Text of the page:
KYIV (Reuters) -Ukraine's central bank devalued the hryvnia currency by 25% against the U.S. dollar on Thursday to help the country cope with the growing economic impact of the war with Russia.
The National Bank of Ukraine (NBU) said in a statement that it had set the new hryvnia rate at 36.5686 to the dollar compared with the previous rate of 29.25 set at the start of Russia's invasion nearly five months ago.
The bank said it had acted "in view of the change in the fundamental characteristics of Ukraine's economy during the war and the strengthening of the U.S. dollar against other currencies."
"This step will improve competitiveness of Ukrainian producers, converge exchange rate conditions for different groups of businesses and households, and support the resilience of the economy during the war," it said.
NBU Governor Kyrylo Shevchenko said the new level of the exchange rate "will become the anchor for the economy and make it more resilient at the times of uncertainty."
"Keeping the exchange rate fixed will enable the NBU to maintain control over inflation dynamics and support uninterrupted functioning of the financial system," he said. "This is the key condition for the stable operation of the economy, which is vital during the war."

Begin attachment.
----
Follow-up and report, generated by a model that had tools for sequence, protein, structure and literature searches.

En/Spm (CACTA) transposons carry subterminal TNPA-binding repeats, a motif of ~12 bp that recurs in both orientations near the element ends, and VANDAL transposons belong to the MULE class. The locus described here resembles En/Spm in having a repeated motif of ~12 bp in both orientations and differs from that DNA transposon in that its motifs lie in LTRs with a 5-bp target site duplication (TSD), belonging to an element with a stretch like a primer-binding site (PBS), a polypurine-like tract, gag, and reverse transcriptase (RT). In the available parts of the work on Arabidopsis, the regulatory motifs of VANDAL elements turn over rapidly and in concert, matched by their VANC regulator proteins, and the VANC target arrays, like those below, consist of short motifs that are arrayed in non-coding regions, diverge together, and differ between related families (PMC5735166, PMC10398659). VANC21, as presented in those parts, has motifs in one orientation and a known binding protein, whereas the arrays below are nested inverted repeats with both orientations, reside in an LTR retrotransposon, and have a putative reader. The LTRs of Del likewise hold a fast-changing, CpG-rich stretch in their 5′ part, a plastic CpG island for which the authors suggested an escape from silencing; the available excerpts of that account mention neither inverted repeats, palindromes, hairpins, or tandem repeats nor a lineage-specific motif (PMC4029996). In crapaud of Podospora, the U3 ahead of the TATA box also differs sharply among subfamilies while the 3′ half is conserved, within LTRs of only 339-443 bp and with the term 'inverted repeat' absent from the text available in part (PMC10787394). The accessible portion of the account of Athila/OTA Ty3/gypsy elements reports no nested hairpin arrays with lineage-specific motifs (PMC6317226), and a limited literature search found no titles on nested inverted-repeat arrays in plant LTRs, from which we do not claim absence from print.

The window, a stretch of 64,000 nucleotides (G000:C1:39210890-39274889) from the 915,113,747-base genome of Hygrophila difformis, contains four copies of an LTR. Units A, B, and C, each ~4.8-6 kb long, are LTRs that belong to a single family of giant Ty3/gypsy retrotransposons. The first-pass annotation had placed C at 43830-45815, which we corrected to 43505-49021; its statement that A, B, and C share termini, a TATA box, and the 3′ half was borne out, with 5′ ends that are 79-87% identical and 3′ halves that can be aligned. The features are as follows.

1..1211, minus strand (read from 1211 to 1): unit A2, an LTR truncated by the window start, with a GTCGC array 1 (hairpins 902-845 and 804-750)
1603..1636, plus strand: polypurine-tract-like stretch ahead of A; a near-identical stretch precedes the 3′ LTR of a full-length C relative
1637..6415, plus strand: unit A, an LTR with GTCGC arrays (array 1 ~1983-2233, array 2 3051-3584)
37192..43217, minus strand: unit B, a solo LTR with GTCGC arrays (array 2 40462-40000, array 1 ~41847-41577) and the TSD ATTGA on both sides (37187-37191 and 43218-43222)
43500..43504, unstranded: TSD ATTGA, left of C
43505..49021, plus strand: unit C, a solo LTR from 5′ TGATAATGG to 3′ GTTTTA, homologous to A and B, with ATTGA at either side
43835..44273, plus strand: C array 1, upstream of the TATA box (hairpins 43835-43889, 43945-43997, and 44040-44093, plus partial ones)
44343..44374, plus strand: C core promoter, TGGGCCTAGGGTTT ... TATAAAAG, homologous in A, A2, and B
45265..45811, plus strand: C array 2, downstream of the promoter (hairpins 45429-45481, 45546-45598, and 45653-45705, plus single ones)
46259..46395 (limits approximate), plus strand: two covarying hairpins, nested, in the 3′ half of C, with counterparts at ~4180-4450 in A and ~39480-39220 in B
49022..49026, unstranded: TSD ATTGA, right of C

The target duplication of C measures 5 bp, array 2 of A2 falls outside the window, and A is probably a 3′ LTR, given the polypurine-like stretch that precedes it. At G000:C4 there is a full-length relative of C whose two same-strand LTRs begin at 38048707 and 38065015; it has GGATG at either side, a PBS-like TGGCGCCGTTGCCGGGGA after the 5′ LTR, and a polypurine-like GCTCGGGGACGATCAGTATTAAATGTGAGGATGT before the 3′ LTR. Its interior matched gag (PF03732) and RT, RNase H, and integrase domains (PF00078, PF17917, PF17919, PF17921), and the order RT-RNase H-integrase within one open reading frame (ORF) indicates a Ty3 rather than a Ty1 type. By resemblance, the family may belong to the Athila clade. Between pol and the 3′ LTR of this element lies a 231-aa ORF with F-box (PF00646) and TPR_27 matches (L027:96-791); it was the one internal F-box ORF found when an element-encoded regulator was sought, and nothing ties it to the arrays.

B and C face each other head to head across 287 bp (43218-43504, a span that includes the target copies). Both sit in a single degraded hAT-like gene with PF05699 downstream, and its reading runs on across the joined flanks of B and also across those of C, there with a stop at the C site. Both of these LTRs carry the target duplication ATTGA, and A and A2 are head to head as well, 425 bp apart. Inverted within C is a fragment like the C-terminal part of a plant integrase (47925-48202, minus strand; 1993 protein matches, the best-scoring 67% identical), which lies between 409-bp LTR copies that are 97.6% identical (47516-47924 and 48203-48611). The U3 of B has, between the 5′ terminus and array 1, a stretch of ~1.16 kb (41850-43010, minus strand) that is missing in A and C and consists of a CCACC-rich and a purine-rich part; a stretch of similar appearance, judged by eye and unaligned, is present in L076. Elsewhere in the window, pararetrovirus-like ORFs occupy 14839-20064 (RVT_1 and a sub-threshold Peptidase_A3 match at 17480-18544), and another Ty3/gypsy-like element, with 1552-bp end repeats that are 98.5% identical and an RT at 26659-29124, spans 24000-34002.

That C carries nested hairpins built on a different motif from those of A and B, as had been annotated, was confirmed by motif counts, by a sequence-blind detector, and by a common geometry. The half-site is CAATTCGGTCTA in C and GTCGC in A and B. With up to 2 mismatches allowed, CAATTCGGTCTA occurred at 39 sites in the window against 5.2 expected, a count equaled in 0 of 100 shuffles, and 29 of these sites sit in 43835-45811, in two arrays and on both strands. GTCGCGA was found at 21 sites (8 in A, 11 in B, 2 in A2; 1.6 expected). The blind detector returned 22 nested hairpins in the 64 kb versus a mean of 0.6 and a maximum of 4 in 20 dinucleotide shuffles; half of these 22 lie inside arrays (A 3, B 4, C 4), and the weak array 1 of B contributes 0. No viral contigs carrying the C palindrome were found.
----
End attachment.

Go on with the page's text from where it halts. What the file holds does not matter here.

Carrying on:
The bank said changing the exchange rate would increase inflows of foreign currency by exporters and minimise the "speculative behaviour of market participants".
REQUEST TO CREDITORS
The devaluation comes a day after Ukraine asked its creditors for a two-year payment freeze on its international bonds in an attempt to focus its dwindling financial resources on repelling Russia.
At the end of 2020, Ukraine had $130 billion in external debt outstanding, according to World Bank data.
Ukraine has earmarked nearly $20 billion in international dollar and euro-denominated bonds maturing from 2022 to 2030 to be subject to the debt freeze.
Because of the effects of the war, Ukraine's economy is expected to contract in the range of 35-45% for 2022.
Ukraine has estimated the costs of the war combined with lower tax revenues has left a $5 billion-a-month fiscal shortfall - or 2.5% of pre-war GDP. Economists calculate that pushes the annual deficit to 25% of GDP, compared with just 3.5% before the conflict.
Researchers from the Kyiv School of Economics estimate that it will already take over $100 billion to rebuild Ukraine's bombed infrastructure, and the head of the European Union's financing arm, the European Investment Bank, has said it could run into trillions.
(Reporting by Natalia Zinets and Aleksandar Vasovic; Editing by Timothy Heritage)